The Lancet: a whole new meaning
Former BMJ editor Richard Smith, in a recent editorial published in the Royal Society of Medicine entitled 'Reed Elsevier's hypocrisy in selling arms and health', calls for authors and readers to act. Acting means: don't buy subscriptions to Reed Elsevier journals, and don't write for them. That's a tall order, though: Elsevier publishes everything from Cell to Social Science and Medicine. It also owns ScienceDirect, which is one of the largest online collections of published scientific research in the world, containing over 8 million articles from over 2000 journals. Perhaps the better route is continuous public shaming until hopefully Reed Elsevier stockholders scurry into less conspicuously compromising investments.
No better time than the present.
Dear Reed Elsevier:
It is difficult to express the depth of suffering that the arms trade involves, particularly in developing countries. Where I work, in the Congo, an estimated 4 million people -- the majority non-combatants -- have died from war-related causes in the last 15 years. This is a terrible injustice, and by failing to divest from companies that (among other vectors of death) peddle cluster bombs, you place your company on the wrong side of the moral equation, as well as making yourself a laughing stock of the global health community. Unless you want people to think 'Reed Elsevier' when they see African children holding AK-47's, rethink your portfolio.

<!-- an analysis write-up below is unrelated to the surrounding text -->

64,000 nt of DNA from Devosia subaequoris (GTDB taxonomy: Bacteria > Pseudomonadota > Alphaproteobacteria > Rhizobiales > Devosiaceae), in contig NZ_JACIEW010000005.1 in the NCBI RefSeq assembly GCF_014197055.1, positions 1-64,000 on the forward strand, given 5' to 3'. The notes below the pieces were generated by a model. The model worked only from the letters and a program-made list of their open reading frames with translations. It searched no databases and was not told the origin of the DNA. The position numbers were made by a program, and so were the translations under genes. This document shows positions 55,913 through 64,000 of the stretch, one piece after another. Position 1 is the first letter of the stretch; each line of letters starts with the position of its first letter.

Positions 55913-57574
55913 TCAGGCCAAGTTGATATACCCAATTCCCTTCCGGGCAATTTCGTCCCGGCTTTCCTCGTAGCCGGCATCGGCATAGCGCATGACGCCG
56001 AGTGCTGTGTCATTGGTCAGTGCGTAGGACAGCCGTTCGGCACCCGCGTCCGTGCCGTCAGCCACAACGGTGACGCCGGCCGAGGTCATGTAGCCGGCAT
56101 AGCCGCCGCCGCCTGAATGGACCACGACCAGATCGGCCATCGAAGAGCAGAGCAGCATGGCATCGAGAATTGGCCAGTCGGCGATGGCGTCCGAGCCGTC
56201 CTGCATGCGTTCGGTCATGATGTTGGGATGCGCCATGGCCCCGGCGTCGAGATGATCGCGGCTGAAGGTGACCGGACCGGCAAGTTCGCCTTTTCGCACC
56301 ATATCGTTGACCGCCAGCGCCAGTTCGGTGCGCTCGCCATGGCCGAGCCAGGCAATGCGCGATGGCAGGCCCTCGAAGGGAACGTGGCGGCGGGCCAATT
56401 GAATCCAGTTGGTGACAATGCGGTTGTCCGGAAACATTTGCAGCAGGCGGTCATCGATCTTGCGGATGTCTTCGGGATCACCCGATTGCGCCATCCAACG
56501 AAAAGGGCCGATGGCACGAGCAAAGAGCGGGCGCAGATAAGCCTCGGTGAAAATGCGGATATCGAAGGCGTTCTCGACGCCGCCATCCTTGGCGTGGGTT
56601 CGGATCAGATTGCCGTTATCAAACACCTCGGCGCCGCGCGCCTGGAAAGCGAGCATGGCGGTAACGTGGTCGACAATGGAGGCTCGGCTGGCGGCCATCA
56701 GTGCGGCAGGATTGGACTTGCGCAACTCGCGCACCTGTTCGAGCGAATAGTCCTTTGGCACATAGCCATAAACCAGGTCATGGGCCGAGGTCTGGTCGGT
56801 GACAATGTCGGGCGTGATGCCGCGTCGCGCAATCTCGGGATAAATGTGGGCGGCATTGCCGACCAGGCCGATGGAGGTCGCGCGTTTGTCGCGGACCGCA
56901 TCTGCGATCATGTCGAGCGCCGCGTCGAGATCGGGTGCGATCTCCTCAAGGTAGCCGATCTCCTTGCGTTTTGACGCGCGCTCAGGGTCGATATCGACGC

[Disclaimer: The author of this post once published a research ethics article in the Elsevier journal Trends in Parasitology in 2004. He would like to point out that this was before he heard about Elsevier's connections with the arms trade, and that absolutely no one read the article anyway.]